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PIERVINANZI v. U.S.

March 28, 2001

MICHAEL PIERVINANZI, PETITIONER,
v.
UNITED STATES OF AMERICA, RESPONDENT.



The opinion of the court was delivered by: Leisure, District Judge:

  OPINION AND ORDER

Petitioner Michael Piervinanzi moves for a reduction in his sentence pursuant to 28 U.S.C. § 2255. Piervinanzi argues that a change in the law entitles him to a downward departure from the United States Sentencing Guidelines' range which applied to his offenses. For the following reasons, Piervinanzi's petition is denied.

BACKGROUND

The Second Circuit has previously discussed the facts underlying Piervinanzi's conviction and the procedural history of this case. See United States v. Piervinanzi, 23 F.3d 670 (2d Cir. 1994). Therefore, only the facts relevant to Piervinanzi's petition are recited herein. In 1988, Michael Piervinanzi and several others participated in two schemes to illegally transfer more than $38 million out of American banks into overseas accounts. The first scheme involved the attempted fraudulent wire transfer of $14.2 million from Irving Trust Company into accounts in the Cayman Islands. When that scheme failed, Piervinanzi and his co-conspirators attempted another fraudulent wire transfer of $24 million from Morgan Guaranty to an account in London. This plan also failed. See id. at 672-74.

On May 17, 1991, after an eleven day jury trial, the jury returned a verdict convicting Piervinanzi of the following seven counts: (1) conspiracy to commit wire fraud, bank fraud, and money laundering in violation of 18 U.S.C. § 371; (2) attempted bank fraud in violation of 18 U.S.C. § 1344 and 2; (3) attempted money laundering in violation of 18 U.S.C. § 1956(a)(2) and 2; (4) wire fraud in violation of 18 U.S.C. § 1343 and 2; (5) attempted bank fraud in violation of 18 U.S.C. § 1344 and 2; (6) attempted money laundering in violation of 18 U.S.C. § 1956(a)(2) and 2; and (7) money laundering in violation of 18 U.S.C. § 1957(a) and 2. Piervinanzi was tried and sentenced with co-conspirator Daniel Tichio, who was also convicted of Counts One, Two, and Three. This Court sentenced Piervinanzi to concurrent terms of 210 months imprisonment on each of the seven counts of conviction, well within the applicable United States Sentencing Guidelines' (hereinafter "Guidelines") range of 188 to 235 months. See June 23, 1992 Sentencing Transcript (hereinafter "June 23, 1992 Sent. Tr.") at 58.

At sentencing, both Piervinanzi and Tichio argued for downward departures on a number of grounds, including the claim that their conduct fell outside of the "heartland" of money laundering offenses, and therefore, should simply be sentenced as bank fraud. This Court rejected that argument and found that Piervinanzi's conduct constituted a heartland case for a money laundering offense. See id. at 55.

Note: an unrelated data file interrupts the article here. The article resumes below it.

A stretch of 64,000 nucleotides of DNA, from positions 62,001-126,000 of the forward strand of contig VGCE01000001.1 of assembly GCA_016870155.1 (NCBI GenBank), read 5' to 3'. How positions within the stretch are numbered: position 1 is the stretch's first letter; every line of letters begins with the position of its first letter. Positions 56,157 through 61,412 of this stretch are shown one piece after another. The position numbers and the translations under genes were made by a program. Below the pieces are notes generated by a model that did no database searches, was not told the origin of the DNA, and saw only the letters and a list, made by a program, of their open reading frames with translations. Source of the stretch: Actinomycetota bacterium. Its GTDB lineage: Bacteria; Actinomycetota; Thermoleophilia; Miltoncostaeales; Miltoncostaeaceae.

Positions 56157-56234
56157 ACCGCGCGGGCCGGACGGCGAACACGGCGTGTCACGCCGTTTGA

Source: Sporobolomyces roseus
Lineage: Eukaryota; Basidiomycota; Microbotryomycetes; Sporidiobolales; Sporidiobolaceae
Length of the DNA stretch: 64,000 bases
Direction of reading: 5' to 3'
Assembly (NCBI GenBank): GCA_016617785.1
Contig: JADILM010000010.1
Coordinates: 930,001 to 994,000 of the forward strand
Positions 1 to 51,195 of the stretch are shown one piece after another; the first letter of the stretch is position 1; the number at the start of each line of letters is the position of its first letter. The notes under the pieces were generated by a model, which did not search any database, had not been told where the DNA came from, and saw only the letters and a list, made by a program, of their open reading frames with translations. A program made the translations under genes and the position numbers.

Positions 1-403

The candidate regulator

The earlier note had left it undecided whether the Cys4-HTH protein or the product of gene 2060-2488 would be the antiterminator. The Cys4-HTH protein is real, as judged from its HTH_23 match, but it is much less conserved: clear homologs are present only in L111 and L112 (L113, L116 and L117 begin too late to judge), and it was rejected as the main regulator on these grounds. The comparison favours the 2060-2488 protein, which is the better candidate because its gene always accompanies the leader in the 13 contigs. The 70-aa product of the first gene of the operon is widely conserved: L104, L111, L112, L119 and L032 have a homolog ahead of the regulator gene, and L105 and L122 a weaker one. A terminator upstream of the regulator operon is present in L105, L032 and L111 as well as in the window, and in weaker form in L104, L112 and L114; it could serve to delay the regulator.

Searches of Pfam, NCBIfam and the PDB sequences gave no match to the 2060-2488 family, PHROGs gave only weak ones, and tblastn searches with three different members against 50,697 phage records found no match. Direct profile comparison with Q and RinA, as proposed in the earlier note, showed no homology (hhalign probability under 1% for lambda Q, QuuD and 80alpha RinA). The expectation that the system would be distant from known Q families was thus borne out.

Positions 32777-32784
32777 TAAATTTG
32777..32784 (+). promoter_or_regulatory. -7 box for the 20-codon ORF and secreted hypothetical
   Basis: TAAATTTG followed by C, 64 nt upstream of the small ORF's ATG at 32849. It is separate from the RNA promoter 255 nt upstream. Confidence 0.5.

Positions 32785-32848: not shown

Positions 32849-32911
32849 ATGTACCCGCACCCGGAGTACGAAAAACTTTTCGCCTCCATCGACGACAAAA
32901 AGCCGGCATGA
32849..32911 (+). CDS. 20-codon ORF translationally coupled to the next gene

On appeal, Piervinanzi did not argue for a downward departure, but instead argued that his money laundering activities should have been merged with his underlying bank fraud charge, thereby precluding liability under 18 U.S.C. § 1956(a)(2). The Second Circuit, however, found Piervinanzi's argument meritless and held that "attempting to fraudulently transfer funds out of the banks was analytically distinct from the attempted transmission of those funds overseas, and was itself independently illegal." Piervinanzi, 23 F.3d at 679. Although Piervinanzi did not argue for a downward departure based on his activity falling outside of the "heartland" of money laundering cases, Daniel Tichio did raise this issue on appeal. Addressing Tichio's claim, the Second Circuit concluded that it was without authority to consider this Court's discretionary decision not to depart downward. See id. at 685.

On May 2, 1994, the Second Circuit reversed Piervinanzi's conviction on Count Seven and remanded the case for resentencing because the 210 month sentence exceeded the statutory maximum of five years for Counts One, Two, Four, and Five. See id. at 676. On September 27, 1994, this Court resentenced Piervinanzi to 188 months' imprisonment, the lowest possible sentence in his Guidelines' range. During this hearing, Piervinanzi asked the Court to consider the proposed amendments to the money laundering guidelines as a mitigating factor. The Court took them into account and lowered Piervinanzi's sentence by 22 months while noting that it would be willing to entertain the issue again if the Guideline amendments were adopted. See Sept. 27, 1994 Resentencing Transcript at 10.

In March of 1999, this Court resentenced Daniel Tichio and granted his request for a downward departure. However, this Court granted the departure solely because of Tichio's age, health and rehabilitation, not because Tichio's conduct fell outside of the heartland of money laundering activity. See March 10, 1999 Resentencing Transcript (hereinafter "March 10, 1999 Resent. Tr.") at 19.

On March 10, 2000, Piervinanzi filed the instant petition claiming that a change in the application of the law entitles him to a reduction in his current sentence.

DISCUSSION

1. Timeliness of the Petition

As a threshold issue, the Court must determine whether Piervinanzi filed this petition within the time limit prescribed by 28 U.S.C. § 2255. In April of 1996, Congress enacted the Antiterrorism and Effective Death Penalty Act (hereinafter "AEDPA"), which imposed a one-year period of limitations for the filing of petitions pursuant to 28 U.S.C. § 2255. See ...


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